Can injunction be granted in probate proceedings?

Can injunction be granted in probate proceedings?

Amrendra Dhwaj Singh & Anr. VS. Prem Kumar Singh & Ors.

Para 9: Per contra, the learned senior counsel for the respondent no. 1 has strenuously submitted that in a proceeding for a probate or letters of administration no corporeal right over the property is under dispute and it is only the genuineness of the will which is to be investigated and as such no order pertaining to the property should be passed, and the provisions of Order 39 Rule 1 & 2 of the Civil Procedure Code relating to grant of temporary injunction also cannot be invoked.

Finding:

Para 13: Conspectus of the aforesaid provisions makes it clear that the Code of Civil Procedure has application to the proceeding in relation to the grant of probate and letters of administration save as otherwise provided in the Indian Succession Act. It is also manifest that in such proceeding the court has the power of pendente lite administration of the estate of the deceased testator while determining  the validity of his will. It is, thus, reasonably discernible that such court must be deemed to possess the necessary power to protect the property of the deceased testator from being wasted, damaged or dissipated during the pendency of the proceeding. The absence of such jurisdiction cannot be accepted on the basis of the lugacious plea that no property is involved in the suit or proceeding for grant of probate or letters of administration.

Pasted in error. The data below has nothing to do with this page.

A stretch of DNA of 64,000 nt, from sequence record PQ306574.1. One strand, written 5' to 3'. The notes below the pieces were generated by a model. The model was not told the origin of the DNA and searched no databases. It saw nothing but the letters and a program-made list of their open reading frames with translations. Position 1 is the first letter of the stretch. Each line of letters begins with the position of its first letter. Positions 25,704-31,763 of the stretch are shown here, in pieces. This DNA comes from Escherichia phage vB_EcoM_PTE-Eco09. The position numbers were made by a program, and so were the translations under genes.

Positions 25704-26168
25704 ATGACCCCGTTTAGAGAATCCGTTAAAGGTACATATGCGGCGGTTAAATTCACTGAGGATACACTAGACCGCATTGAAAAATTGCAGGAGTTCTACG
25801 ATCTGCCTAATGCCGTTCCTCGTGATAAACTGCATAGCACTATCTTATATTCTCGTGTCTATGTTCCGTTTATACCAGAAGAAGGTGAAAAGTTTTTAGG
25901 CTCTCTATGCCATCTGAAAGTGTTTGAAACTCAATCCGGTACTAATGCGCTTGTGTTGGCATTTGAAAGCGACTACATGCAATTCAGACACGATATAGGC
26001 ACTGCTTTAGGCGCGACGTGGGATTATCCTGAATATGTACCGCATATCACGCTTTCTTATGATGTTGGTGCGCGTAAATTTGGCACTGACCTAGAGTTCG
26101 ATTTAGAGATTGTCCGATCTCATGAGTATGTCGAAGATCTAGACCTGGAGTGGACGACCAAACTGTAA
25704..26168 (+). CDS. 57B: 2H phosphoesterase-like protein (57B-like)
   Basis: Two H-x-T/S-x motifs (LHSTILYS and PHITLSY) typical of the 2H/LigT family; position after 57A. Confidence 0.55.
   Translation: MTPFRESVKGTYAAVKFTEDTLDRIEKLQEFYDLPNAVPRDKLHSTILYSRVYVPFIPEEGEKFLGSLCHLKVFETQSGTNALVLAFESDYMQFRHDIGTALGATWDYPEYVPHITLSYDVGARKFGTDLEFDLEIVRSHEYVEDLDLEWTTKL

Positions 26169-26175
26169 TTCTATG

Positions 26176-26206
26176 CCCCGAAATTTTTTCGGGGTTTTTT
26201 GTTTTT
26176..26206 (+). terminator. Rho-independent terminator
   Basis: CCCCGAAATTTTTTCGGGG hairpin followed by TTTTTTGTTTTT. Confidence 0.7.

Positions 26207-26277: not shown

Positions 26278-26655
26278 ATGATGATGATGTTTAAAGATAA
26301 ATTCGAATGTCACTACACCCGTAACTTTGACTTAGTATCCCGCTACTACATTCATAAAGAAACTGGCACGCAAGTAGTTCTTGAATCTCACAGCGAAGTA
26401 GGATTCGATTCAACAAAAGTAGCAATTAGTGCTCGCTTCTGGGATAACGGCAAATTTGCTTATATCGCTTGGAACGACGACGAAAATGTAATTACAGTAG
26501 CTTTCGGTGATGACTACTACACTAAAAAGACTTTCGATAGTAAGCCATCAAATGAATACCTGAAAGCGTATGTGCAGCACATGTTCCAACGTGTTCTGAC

Even when the provisions of Order 39 Rule 1 & 2 of the Civil Procedure Code may not be strictly applicable in such cases, the supplemental provision in Section 94 and the inherent powers under Section 151 of the Civil Procedure Code as well as Order 39 Rule 7 of the Civil Procedure Code are there to invest such court with necessary jurisdiction to pass an interim order for the protection of the deceased testator. Such jurisdiction of a probate court has also seen recognized by a Bench Decision in the case of Atul Bala Dasi Vs. Nirupama Devi where lordships have observed as follows:

We have already noticed the provisions contained in Sec. 247 & 269, Succession Act. Even when the exercise of the powers given to the probate court under S. 247 Succession Act cannot obviate the difficulties or protect the properties, the powers of that court are wide enough to issue temporary orders restraining other persons for interfering with the properties which are the subject matter of testamentary disposition.

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